Electric trucks close to cost parity with diesel, new studies show

Advances in technology mean that battery-powered heavy trucks will soon be cheaper to own and run than their petrol and diesel counterparts, according to two new studies by the Stockholm Environment Institute (SEI) and T&E. It is further evidence that the future of trucking is electric, says T&E, which has called on the EU to set legally binding targets to ensure battery electric trucks are not held back by insufficient charging infrastructure.

T&E’s study, which focuses on long-haul trucking in Germany, found that direct electrification of road freight is not only technically feasible but is likely to reach cost parity with diesel by the middle of the decade. Directly electrifying trucks is today - and will remain in the future - at least twice as energy efficient as renewable hydrogen and around three times as efficient as internal combustion engines running on synthetic e-fuels, the study also shows.

“Battery technology is very close to a threshold that makes electric trucks feasible and economically competitive,” said Björn Nykvist, lead author and senior researcher at SEI. Contrary to the general assumption that heavy battery electric trucks are too expensive and lacking the range to realistically decarbonise road freight, SEI’s report shows that if electric trucks can be fast-charged in the same way as passenger cars, the required range is dramatically reduced and electrification becomes far more realistic.

Tiziana Frongia, freight director at T&E, said: “The future of trucking is electric. Most urban and regional deliveries can already be covered by electric trucks today and long-haul electric trucks are only a few years behind. The environmental case is clear and now so is the cost argument. The EU should therefore speed up the transition towards electrification by setting binding targets for truck charging stations in the upcoming review of the infrastructure law.”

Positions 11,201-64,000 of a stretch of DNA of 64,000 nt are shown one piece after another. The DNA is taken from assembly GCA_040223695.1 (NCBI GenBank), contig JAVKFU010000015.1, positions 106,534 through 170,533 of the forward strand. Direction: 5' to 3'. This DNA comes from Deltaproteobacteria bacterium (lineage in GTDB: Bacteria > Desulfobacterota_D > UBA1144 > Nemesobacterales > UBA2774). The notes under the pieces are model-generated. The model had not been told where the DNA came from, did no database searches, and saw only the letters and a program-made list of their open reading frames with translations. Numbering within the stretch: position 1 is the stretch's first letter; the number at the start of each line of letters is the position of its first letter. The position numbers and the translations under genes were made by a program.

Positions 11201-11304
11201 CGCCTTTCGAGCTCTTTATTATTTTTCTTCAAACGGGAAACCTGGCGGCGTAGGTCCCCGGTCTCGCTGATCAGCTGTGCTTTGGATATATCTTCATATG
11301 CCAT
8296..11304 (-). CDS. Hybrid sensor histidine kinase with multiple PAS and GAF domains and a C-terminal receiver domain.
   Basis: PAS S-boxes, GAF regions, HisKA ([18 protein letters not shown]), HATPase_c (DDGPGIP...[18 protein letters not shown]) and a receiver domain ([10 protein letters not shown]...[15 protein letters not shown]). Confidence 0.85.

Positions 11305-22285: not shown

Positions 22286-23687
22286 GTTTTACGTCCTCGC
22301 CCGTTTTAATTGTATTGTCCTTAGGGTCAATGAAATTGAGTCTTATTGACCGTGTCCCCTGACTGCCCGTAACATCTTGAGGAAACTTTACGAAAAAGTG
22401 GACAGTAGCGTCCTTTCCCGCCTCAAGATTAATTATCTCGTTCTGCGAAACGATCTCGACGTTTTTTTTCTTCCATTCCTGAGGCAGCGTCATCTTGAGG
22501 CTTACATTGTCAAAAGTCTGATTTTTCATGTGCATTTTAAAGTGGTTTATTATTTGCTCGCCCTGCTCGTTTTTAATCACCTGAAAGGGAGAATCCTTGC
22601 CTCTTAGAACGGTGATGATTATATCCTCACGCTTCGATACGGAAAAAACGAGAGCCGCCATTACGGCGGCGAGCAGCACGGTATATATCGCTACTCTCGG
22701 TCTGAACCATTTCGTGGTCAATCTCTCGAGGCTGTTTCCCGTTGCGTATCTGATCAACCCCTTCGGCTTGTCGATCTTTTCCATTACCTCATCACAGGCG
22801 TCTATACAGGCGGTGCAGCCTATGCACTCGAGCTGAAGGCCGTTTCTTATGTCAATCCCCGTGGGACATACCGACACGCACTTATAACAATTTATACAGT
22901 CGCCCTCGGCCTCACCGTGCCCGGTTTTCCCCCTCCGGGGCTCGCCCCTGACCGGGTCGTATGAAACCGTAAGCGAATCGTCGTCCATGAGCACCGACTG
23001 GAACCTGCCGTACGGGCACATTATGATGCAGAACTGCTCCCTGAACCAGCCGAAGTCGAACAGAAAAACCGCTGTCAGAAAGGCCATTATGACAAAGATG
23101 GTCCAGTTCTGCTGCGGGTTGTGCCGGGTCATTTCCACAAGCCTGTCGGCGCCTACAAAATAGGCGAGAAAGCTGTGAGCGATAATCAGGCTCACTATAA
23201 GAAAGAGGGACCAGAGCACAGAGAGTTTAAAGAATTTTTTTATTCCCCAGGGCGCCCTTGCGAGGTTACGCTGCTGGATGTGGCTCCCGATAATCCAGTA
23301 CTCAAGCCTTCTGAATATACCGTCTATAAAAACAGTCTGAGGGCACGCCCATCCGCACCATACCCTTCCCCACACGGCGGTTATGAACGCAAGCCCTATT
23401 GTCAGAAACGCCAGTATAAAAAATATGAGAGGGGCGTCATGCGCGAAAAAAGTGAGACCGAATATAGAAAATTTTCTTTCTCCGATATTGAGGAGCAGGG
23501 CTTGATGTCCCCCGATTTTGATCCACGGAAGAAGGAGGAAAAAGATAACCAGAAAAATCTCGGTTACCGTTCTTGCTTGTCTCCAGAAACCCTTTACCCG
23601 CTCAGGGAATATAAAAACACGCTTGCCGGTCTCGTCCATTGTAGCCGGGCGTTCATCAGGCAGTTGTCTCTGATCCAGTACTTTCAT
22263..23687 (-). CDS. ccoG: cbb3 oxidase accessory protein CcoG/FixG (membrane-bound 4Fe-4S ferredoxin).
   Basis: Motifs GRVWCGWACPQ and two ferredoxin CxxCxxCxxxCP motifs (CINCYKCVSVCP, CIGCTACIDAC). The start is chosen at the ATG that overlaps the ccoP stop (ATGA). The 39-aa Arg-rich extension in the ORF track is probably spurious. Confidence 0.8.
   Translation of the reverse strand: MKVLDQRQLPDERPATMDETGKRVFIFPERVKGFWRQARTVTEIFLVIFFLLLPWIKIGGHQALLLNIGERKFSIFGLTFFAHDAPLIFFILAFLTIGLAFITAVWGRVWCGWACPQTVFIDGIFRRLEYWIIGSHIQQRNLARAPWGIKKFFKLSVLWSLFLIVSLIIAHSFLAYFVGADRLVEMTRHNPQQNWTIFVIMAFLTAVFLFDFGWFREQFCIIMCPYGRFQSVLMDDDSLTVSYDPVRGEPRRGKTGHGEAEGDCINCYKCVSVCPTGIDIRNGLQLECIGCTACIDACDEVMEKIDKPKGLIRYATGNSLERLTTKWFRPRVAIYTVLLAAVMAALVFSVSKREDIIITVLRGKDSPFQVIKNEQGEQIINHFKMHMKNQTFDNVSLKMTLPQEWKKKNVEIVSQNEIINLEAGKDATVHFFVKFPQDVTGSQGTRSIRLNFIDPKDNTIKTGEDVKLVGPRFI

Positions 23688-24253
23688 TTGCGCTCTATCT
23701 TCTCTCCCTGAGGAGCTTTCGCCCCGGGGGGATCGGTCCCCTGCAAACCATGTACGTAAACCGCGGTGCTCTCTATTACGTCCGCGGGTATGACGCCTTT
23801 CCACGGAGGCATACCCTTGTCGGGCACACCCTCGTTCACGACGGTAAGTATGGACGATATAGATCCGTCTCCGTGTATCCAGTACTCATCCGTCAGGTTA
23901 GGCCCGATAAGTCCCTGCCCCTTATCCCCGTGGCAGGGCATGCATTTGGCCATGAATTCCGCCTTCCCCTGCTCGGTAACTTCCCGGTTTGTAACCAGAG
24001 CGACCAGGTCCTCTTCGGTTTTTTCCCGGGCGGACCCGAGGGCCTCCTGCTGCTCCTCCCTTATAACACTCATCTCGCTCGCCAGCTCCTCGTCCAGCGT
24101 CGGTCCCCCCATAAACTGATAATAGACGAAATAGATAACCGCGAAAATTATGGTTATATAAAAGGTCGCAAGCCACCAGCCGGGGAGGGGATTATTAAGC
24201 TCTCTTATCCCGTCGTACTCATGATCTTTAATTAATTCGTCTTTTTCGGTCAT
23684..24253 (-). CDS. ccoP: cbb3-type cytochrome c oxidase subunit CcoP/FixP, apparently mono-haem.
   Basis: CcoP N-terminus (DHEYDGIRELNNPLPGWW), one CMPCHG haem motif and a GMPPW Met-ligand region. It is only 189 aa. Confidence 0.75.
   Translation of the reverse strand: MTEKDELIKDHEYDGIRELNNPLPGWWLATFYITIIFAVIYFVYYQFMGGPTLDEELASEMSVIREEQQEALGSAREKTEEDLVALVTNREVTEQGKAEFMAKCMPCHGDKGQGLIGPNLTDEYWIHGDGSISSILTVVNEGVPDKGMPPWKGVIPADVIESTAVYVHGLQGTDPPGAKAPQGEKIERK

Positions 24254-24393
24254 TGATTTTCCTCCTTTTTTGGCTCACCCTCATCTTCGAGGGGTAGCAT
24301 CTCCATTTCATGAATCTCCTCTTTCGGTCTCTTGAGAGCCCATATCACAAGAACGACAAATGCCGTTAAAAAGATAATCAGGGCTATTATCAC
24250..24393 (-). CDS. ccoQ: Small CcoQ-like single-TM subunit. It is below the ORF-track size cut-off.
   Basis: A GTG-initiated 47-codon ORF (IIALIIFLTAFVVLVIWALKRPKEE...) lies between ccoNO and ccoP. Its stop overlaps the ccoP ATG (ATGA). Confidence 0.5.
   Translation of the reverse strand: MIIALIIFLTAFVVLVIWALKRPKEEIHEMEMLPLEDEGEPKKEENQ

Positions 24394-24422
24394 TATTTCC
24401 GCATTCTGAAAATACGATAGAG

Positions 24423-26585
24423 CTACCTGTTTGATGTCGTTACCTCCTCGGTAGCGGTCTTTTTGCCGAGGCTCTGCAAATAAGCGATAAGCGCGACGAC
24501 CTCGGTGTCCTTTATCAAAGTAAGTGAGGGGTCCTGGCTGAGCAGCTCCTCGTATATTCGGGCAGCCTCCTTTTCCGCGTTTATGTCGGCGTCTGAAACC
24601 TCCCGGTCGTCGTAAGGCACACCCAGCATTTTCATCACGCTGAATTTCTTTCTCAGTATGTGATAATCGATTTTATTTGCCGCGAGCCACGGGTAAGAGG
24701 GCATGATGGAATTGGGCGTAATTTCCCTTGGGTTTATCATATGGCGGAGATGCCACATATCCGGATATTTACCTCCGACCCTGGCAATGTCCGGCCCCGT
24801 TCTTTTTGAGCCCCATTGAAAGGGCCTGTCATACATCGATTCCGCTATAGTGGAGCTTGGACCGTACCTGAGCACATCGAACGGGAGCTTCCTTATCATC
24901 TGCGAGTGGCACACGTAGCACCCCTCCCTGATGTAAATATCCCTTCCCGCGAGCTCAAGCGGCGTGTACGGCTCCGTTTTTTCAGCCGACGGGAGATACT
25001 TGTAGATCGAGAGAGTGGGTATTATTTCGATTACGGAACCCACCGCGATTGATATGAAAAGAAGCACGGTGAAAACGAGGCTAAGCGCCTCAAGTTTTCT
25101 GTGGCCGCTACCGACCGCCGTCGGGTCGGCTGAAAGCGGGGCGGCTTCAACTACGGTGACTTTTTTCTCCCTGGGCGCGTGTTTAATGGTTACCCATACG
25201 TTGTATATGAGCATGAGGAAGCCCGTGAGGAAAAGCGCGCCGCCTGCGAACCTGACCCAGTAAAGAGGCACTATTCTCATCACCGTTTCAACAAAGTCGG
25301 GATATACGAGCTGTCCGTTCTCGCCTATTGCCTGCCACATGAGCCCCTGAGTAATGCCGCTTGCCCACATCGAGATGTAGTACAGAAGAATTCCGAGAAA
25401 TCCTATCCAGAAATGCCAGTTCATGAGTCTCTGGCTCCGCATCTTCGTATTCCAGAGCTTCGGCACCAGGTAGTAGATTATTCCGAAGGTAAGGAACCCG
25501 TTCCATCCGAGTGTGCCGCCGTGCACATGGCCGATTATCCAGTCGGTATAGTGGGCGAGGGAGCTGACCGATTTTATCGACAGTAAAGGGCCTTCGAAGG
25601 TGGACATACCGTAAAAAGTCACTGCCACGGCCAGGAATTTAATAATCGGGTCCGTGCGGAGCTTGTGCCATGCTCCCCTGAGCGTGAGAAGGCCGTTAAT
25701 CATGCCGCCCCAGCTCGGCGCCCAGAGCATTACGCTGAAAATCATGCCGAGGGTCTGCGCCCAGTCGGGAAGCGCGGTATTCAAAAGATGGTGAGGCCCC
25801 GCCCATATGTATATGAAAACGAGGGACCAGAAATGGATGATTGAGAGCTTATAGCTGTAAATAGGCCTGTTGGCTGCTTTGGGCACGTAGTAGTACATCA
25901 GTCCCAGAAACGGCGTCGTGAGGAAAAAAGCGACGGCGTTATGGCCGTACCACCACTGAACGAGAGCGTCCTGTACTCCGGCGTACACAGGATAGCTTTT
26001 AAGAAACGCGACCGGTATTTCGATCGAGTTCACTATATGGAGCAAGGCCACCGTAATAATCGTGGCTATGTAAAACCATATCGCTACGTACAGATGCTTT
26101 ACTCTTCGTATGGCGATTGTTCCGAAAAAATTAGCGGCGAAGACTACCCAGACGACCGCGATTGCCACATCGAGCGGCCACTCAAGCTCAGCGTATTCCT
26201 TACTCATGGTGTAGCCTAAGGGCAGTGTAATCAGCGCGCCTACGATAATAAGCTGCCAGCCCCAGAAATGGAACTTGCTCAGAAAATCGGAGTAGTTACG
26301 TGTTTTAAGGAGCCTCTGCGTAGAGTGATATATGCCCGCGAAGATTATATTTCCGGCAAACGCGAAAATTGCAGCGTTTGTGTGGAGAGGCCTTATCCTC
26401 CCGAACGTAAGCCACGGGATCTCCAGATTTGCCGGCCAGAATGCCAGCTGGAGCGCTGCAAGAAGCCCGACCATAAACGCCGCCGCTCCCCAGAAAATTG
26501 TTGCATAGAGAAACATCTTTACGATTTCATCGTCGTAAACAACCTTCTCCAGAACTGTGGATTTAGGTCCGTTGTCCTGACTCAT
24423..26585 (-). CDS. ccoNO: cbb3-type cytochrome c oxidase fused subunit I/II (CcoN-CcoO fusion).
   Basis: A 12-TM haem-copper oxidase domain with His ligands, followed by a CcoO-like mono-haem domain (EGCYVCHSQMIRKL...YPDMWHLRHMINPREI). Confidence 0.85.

With currently close to zero truck-specific charging stations in operation, T&E teamed up with the European Automobile Manufacturers’ Association (ACEA) to call on the European Commission to deploy 11,000 charging points for electric trucks across the EU by 2025, rising to 42,000 by 2030. This is necessary, the groups say, to achieve the goals of the European Green Deal.

The EU should prioritise charging alongside Europe’s busiest motorway routes - for example, between Hamburg and Berlin - according to the findings of a separate T&E study published this month. Targeting ‘hotspots’ for long-haul truck activity, which connect all major urban areas in Europe, would mean just modest investments in charging infrastructure would go a long way. Just 0.2% of the EU’s €100 billion annual spend on transport infrastructure would be enough to provide the right conditions to electrify long-haul trucking, says T&E.

Tiziana Frongia concluded: “The evidence is stacking up. If electric trucking seemed like a pipedream just a few years ago, it definitely isn’t any more. We’ve shown that it is possible. Will the EU make it a reality?”